Disease Information

Head & Neck Cancer Staging

Staging Head & Neck Cancer

If you have either head cancer or neck cancer, your cancer specialist will want to learn the stage (or extent) of the disease. Staging is a careful attempt to find out whether the cancer has spread and if so, to which parts of the body. Staging typically involves an examination under anesthesia, laboratory tests, and x-rays or other imagining procedures.  

The American Joint Committee on Cancer developed the TNM (tumor, node, metastasis) classification system, which is the most commonly used staging system by medical professionals around the world. It evaluates three key factors of head and neck cancers:

  • Tumor (T): the size and primary location of the tumor
  • Node (N): if the cancer has spread to the lymph nodes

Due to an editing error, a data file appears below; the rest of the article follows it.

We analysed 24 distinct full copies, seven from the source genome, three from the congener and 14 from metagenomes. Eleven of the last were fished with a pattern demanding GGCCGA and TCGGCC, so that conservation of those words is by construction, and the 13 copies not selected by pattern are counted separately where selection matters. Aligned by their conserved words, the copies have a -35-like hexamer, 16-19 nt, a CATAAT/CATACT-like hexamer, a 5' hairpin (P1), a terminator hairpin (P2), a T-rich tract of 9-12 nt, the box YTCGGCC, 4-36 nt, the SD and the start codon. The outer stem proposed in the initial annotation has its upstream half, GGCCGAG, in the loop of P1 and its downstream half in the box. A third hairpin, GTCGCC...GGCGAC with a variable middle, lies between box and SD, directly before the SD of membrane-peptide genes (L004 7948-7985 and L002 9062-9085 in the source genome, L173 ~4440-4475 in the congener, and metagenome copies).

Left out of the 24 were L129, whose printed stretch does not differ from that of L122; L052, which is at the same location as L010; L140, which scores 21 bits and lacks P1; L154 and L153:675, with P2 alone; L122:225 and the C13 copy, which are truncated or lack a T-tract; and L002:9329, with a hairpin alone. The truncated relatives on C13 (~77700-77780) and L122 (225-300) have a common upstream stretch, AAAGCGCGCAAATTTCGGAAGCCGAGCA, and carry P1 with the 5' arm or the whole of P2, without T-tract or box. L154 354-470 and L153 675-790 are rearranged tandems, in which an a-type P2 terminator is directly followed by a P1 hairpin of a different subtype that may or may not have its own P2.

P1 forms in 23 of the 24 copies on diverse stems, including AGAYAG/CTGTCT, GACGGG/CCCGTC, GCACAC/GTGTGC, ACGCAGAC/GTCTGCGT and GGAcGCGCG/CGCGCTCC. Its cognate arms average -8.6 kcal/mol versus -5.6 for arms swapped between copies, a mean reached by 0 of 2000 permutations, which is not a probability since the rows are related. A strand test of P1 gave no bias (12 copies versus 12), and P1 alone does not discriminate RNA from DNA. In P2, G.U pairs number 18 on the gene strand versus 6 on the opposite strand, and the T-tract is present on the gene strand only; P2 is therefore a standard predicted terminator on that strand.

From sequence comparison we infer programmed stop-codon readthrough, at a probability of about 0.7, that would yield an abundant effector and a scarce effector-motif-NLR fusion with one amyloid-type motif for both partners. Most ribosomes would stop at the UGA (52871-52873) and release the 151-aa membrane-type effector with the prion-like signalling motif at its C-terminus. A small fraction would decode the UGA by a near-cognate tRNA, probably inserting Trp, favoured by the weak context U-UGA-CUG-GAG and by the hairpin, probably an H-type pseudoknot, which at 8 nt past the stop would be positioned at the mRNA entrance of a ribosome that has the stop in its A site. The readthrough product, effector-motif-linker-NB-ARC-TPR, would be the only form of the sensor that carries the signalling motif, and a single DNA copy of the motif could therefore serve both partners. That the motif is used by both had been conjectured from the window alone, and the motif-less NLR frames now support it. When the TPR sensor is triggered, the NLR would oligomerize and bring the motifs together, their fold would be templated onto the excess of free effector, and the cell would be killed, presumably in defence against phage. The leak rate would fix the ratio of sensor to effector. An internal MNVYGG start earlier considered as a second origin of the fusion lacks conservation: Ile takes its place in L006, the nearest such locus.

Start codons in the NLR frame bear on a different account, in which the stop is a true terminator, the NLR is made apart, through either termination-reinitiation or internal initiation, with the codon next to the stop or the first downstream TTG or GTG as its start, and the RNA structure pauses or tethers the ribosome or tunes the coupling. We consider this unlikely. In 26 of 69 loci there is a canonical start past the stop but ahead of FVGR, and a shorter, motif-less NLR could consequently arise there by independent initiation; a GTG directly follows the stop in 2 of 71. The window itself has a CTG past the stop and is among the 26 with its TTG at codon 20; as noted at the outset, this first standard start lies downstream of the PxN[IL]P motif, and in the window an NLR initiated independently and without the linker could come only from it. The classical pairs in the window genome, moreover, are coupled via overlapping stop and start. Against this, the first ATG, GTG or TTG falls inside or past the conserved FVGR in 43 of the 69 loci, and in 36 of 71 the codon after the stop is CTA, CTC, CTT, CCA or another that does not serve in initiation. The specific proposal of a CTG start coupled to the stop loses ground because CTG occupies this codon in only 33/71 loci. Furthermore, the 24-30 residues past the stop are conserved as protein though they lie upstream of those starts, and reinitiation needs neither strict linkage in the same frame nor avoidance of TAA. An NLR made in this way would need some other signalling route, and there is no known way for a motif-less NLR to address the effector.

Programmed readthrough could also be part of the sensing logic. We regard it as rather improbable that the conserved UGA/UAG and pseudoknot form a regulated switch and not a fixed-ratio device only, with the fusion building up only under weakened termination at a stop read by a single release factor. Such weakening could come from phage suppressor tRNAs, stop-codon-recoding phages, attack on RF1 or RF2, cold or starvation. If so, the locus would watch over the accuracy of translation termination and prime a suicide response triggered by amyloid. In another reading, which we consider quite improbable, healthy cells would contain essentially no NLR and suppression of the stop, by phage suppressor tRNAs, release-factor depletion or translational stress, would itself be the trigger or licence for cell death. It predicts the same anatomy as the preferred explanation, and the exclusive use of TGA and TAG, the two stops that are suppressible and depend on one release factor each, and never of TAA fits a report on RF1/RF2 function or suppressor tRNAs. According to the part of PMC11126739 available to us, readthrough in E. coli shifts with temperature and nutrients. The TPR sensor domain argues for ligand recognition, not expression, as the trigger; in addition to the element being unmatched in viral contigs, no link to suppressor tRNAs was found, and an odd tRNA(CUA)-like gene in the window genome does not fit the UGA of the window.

• Metastasis (M): whether the cancer has metastasized (spread) to other areas of the body

Your cancer can be stage 0, 1, 2, 3, or 4. The lower the number, the less the cancer has spread. A higher number, like stage 4, means a more serious cancer that has spread from where it started to other parts of the body.

Knowing the stage of your cancer also allows your oncologist to make a treatment recommendation that is specific to your situation. Your cancer care team at Virginia Oncology Associates (VOA) will thoroughly review your medical history, family history, and other factors to develop an individualized cancer treatment plan for you.

Questions to ask the doctor:

  • Do you know the stage of the cancer?
  • If not, how and when will you find out the stage of the cancer?
  • Would you explain to me what the stage means in my case?
  • What will happen next?
  • How quickly do I need to start treatment?

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